If the BSP/BIP is part of an IEP:
- In general a school psychologist or counselor should write both BIPs and BSPs.
- If the BIP comes from a formal behavioral assessment (FBA) or is at all part of a manifest determination (aka has relevance to suspensions or expulsions) a school psychologist MUST be the one to do it.
- In some districts, it is okay for a case manager who feels comfortable to write the BSP but that is rare. It is more common that the case manager would help revise the plan the following year to keep it up to date than be the one to create it.
If the student does not have an IEP:
- A school psychologist should still, ideally, be the writer of the BSP or BIP but, often, a school counselor will step in and write it instead.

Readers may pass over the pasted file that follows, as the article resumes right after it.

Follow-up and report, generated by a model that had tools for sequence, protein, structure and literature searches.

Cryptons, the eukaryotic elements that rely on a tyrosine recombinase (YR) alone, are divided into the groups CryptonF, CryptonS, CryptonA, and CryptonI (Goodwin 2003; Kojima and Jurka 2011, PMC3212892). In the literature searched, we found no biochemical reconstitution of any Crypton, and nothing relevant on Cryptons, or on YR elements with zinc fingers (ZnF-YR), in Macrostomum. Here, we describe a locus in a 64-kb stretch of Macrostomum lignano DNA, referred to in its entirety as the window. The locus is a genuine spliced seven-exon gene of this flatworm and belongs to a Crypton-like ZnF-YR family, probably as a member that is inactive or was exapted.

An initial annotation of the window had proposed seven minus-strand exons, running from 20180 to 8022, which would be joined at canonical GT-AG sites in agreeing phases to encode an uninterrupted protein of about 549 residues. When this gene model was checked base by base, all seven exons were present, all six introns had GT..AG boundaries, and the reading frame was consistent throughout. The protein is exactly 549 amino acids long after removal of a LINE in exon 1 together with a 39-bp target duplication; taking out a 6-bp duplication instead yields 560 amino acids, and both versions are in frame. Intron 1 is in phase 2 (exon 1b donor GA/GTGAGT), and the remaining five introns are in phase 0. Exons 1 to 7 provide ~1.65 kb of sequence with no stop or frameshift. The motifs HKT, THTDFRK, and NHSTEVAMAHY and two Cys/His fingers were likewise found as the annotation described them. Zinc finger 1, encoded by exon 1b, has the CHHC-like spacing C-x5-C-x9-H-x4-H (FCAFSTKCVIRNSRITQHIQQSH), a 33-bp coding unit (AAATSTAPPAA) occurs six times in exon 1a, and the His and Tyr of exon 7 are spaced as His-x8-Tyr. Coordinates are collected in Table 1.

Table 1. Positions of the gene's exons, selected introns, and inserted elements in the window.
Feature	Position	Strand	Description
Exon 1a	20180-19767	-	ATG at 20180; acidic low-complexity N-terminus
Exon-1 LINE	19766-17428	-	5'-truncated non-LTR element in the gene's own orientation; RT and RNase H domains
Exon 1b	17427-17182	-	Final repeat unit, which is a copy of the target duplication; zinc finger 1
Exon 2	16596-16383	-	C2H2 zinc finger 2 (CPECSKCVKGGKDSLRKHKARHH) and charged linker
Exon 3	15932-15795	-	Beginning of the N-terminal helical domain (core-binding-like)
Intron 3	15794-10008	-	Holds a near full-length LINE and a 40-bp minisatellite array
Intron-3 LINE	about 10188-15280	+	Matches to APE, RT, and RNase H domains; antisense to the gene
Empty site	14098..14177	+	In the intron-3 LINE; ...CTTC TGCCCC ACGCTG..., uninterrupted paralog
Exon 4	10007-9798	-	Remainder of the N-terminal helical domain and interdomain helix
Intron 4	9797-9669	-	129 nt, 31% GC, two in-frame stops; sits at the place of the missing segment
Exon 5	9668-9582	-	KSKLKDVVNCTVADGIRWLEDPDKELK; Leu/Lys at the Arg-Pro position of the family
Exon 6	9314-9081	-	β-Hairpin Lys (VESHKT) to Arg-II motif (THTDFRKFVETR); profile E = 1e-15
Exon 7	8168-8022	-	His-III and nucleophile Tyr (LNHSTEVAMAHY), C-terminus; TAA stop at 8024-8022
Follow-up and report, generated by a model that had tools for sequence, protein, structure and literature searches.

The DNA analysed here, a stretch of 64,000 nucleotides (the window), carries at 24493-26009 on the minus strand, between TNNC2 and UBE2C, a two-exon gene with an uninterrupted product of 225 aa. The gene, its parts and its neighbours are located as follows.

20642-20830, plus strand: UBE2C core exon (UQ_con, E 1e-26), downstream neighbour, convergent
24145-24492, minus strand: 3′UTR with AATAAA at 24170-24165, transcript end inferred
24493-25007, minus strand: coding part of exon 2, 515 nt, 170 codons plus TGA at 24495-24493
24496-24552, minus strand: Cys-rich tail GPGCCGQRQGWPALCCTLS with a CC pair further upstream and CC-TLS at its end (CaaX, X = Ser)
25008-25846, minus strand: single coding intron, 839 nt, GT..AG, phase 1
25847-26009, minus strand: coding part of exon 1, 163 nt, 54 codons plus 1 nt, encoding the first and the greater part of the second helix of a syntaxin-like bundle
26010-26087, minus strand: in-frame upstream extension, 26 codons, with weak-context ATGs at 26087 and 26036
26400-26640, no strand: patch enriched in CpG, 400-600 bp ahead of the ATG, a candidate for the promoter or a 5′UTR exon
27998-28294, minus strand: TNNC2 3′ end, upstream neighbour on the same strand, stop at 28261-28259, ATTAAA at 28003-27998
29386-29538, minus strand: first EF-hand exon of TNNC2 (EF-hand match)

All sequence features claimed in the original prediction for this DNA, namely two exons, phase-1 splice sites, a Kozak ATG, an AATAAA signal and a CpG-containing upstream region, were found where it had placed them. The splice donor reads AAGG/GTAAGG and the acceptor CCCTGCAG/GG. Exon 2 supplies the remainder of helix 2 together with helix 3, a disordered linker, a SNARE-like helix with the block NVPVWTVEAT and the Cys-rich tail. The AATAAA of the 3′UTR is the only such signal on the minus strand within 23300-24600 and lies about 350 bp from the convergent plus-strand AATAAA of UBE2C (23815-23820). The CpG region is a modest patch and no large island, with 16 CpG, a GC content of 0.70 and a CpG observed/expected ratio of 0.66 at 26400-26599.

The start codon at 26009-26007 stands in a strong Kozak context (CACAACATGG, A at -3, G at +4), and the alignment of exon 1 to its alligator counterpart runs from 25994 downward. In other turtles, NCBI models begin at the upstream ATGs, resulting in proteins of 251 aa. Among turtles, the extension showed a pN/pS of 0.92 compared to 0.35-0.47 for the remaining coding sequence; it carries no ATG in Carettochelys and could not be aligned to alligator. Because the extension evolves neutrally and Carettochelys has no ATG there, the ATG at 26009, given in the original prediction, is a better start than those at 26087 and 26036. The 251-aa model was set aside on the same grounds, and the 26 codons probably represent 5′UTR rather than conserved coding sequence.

BSPs and BIPs both depend on good data. In order to create a plan that works you have to understand:
- What is happening? When, where, and how often are the behaviors occurring? What exactly are the behaviors of concern?
- Why is it happening? What function is the behavior serving for the student? The four key functions that are often discussed are to gain attention, to escape a task or situation, to gain access to something like an object or person, and to gain or avoid sensory stimulation. The purpose of a functional behavioral assessment is to figure out the functions of the students’ behaviors and to understand what happens before them and what happens after that might be maintaining them.
- What do you want the student to do instead? For a BIP or BSP to work, it needs to include replacement behaviors for the student that address the function the behavior is serving for the student.
- How will you teach and reinforce the replacement behaviors? Will there be social skills groups, sessions with the counselor, daily check ins and pre-teach opportunities, or something else? Will the student be rewarded every time they use the replacement behaviors, once a day, once a week, or at some other interval?